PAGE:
Interobserver Variability

All information on Interobserver Variability

At a glance

Wherever people work, mistakes also happen. Be it through subjectivities, through poor guidance or simply by sloppiness.

This is also the case in urinalysis by means of rapid tests.

An unrecognized or brought to attention red-green visual impairment is still a simpler form of error susceptibility. Although it is estimated that more than two billion urine tests are carried out each year, there is relatively little scientific research on the quality of implementation and the human factor. A big problem is that the evaluation is predominantly subjectively visual.

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In terms of conducting urine rapid tests, Bell et al. in their two-part observational study, for example, nursing assistants had a relatively high number of false-positive tests compared to midwives (47 vs. 17) when conducting tests for proteinuria. In a sequential study, untrained laboratory staff also achieved a false-positive rate of 35. A subsequent training in the methodology and interpretation of the results led to a significant improvement in accuracy in laboratory staff (false-positive rate of 5). In addition to the lack of training, an identified problem was an “up-rounding problem” due to the low bandwidth of the few test fields on the strips. However, in principle, a relatively high inaccuracy remained in the false-negative results, which were probably due to the test strips.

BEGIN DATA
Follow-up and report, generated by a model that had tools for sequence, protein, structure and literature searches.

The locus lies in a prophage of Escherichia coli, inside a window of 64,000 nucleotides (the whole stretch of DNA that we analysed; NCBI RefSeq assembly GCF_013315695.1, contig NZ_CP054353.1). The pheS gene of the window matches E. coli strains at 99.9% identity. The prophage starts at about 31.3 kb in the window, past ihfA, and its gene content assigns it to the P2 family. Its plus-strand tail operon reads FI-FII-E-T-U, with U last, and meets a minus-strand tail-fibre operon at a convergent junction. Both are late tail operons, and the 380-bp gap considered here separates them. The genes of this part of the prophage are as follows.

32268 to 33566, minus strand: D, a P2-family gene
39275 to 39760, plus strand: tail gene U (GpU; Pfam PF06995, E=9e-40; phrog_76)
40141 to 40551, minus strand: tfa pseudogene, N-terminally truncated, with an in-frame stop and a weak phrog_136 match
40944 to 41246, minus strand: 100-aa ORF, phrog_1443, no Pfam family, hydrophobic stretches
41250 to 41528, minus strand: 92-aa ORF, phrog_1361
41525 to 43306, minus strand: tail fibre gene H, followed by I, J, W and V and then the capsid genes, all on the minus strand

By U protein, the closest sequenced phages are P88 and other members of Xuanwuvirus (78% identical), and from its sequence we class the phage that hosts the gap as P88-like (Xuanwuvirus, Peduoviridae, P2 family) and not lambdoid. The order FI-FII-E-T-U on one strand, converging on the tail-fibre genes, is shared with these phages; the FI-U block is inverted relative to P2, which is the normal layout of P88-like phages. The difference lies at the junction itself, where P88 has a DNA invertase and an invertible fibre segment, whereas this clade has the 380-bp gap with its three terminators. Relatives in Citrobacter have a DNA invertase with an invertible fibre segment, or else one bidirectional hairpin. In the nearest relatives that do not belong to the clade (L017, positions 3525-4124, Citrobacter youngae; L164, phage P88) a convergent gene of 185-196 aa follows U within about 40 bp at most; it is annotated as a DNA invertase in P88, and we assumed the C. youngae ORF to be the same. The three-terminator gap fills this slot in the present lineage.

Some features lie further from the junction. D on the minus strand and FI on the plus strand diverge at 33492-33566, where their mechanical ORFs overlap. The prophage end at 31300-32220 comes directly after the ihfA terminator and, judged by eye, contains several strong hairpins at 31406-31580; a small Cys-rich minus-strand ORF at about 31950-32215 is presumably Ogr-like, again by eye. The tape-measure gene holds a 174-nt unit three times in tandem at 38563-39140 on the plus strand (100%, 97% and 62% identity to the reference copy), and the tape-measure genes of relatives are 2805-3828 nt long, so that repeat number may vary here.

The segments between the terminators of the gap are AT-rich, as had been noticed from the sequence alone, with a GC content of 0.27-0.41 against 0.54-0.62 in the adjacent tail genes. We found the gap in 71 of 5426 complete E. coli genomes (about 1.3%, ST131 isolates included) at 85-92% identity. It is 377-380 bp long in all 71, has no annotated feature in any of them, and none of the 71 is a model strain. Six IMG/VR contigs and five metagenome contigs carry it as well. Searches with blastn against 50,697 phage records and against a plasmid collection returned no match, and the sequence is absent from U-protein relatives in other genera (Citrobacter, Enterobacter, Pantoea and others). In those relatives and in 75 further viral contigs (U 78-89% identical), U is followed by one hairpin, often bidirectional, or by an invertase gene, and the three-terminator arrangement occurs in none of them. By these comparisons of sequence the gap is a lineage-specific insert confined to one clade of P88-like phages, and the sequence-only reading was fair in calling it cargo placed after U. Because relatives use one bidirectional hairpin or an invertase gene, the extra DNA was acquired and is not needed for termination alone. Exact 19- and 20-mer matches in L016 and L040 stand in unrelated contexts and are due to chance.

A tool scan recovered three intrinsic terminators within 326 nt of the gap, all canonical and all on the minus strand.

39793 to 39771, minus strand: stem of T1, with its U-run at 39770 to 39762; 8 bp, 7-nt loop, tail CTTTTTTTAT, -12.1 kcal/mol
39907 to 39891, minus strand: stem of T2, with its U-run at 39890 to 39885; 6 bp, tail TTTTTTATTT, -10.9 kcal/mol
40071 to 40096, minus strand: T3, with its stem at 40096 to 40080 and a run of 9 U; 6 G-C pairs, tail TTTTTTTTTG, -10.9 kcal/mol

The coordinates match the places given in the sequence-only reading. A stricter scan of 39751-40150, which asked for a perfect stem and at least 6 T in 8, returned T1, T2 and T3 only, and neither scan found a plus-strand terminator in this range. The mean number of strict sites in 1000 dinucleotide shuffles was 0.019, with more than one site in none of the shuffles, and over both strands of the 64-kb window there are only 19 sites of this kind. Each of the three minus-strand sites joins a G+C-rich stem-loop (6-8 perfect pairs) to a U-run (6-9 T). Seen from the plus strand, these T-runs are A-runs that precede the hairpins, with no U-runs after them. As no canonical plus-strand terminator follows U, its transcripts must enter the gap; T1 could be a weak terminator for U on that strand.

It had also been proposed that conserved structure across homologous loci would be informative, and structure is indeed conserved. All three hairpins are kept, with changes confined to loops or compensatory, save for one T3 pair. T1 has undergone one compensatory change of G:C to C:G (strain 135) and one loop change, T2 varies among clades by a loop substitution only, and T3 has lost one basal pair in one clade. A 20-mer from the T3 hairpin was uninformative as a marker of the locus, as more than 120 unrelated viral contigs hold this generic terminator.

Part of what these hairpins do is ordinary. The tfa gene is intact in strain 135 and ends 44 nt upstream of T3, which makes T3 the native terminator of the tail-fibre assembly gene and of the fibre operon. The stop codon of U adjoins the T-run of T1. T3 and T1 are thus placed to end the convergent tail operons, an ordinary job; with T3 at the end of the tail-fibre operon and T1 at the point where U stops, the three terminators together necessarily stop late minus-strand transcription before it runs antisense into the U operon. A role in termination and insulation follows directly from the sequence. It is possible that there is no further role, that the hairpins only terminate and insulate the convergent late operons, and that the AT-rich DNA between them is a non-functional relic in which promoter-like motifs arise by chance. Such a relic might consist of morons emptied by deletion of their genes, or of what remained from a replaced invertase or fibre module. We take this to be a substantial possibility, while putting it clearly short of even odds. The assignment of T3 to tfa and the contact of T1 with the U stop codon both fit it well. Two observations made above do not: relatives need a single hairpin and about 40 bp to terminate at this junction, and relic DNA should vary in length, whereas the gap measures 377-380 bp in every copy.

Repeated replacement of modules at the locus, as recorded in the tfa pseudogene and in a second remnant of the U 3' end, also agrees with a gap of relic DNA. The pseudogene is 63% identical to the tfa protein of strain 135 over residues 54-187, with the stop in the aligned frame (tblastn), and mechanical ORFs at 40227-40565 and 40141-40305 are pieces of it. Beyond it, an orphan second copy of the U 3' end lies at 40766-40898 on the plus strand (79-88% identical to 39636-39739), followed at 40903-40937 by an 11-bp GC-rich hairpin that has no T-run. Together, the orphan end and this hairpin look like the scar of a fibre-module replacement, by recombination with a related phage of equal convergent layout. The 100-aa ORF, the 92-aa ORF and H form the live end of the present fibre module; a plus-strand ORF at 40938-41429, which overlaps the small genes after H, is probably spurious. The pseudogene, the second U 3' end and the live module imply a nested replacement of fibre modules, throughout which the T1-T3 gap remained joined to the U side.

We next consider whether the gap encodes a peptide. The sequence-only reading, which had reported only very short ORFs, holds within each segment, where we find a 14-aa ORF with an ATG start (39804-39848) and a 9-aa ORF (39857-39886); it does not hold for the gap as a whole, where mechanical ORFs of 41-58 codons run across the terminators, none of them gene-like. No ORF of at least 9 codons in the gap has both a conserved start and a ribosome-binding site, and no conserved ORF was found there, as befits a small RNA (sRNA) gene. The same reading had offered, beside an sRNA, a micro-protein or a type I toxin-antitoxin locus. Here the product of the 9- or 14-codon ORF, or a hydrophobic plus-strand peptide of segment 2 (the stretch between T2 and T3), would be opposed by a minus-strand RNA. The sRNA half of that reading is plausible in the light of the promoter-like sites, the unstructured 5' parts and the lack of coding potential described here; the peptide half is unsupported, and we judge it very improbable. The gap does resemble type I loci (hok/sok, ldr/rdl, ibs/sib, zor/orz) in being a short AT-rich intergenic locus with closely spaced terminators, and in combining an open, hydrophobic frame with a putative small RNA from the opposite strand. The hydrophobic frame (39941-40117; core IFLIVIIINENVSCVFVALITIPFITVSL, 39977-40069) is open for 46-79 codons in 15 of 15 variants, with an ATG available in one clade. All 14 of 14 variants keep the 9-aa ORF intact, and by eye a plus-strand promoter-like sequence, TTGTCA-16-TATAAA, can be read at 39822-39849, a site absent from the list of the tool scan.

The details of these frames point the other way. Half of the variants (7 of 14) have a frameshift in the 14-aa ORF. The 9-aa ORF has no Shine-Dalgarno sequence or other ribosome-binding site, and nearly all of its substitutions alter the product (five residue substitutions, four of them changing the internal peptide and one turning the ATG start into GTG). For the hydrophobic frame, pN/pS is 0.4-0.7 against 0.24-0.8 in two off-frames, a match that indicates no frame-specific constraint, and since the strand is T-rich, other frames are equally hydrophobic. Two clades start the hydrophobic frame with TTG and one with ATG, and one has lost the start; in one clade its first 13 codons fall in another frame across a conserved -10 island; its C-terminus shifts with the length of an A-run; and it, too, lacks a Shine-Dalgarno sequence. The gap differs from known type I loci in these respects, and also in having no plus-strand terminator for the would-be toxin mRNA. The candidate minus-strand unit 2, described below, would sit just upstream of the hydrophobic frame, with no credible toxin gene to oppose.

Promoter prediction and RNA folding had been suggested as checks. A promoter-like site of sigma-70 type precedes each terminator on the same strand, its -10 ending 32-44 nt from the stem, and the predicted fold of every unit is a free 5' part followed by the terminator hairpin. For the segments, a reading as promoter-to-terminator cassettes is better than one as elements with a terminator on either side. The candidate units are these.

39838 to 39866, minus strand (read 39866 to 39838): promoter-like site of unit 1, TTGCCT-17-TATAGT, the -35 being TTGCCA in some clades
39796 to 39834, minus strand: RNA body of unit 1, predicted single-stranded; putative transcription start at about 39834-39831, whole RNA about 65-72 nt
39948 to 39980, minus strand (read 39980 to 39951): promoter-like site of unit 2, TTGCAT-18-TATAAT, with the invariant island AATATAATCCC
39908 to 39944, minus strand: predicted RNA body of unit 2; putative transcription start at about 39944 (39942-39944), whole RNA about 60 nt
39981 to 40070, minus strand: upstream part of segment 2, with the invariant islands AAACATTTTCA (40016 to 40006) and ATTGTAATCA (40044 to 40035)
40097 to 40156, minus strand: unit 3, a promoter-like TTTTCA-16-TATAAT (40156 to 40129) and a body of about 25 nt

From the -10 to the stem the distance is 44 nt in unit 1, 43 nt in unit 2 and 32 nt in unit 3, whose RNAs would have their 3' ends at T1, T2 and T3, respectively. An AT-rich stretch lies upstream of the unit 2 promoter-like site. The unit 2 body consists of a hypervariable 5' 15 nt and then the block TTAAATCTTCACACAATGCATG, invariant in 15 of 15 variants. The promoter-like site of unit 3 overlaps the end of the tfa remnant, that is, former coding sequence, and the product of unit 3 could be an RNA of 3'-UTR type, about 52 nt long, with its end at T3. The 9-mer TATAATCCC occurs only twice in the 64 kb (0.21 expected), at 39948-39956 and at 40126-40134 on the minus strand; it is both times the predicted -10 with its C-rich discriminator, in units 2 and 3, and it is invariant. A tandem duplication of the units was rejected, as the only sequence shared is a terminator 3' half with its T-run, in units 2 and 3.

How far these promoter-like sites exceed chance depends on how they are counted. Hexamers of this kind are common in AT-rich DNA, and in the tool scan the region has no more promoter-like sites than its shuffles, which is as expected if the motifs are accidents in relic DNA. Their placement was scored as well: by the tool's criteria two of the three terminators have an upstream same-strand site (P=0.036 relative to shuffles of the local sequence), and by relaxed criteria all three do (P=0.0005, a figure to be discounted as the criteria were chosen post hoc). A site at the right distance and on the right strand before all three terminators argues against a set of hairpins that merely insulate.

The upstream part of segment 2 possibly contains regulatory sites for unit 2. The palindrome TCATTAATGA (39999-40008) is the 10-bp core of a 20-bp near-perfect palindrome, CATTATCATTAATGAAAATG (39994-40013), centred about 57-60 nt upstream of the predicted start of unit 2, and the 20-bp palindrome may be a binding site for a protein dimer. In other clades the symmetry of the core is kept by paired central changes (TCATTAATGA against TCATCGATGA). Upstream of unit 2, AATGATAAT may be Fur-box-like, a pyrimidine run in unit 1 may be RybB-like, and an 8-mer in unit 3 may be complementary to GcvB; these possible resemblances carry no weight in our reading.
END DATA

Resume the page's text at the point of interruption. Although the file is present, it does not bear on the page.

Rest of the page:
According to the authors, these residual inaccuracies cannot be influenced by training or automation, but by a check of the threshold sensitivities of the test strips available at the time.

A study on glucose testing clearly showed that measurement errors were caused mainly by the rough classification of the measuring ranges into only five fields. The 21.7 deviation from laboratory diagnostics occurred significantly in the middle measuring range, where the values were both over- and underestimated.

The rough classification of the test fields and the accompanying over- and underestimation (partly by two “blocks”) was also the result of the Rumley study in 2000. Saudan et al. In their study, they found that automated urinalysis improved the percentage of real positive urine analyses from 48 with visual evaluation to 74.

In summary, it can be said that a rough classification of the test strips coupled with the human factor often lead to errors. The often inexperienced investigators are subject to very high demands, which can lead to decisions of far-reaching importance.

Smaller subclasses or a continuous mode for results documentation could provide better quantitative analysis. Automated reading of the test results is also an important factor.

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  • Bell et al. (1999): “The’ role of observer error in antenatal dipstick proteinuria analysis”, British Journal of Obstetrics and Gynaecology, Vol.106, 1177-1180
  • Bekhof, J. et al. (2011): “Validity and interobserver agreement of reagent strips for measurement of glucosuria”, J. Clin. Lab. Invest.Vol. 71, No. 3, 248-252
  • Rumley (2000): “Urine dipstick testing: comparison of results obtained by visual reading and with the Bayer CLINITEK 50”, Clin. Biochem.Vol. 37, No. 2, 220-221
  • Saudan, P. J. et al. (1997): “Improved methods of assessing proteinuria in hypertensive pregnancy”, BJOG Int. J. Obstet. Vol. 104, No. 10, 1159-1164
  • European Confederation of Laboratory Medicine (2000) “European urinalysis guidelines”, J. Clin. Lab. Investig. Suppl.Vol. 231, 1–86
Stand der Informationen: Herbst 2019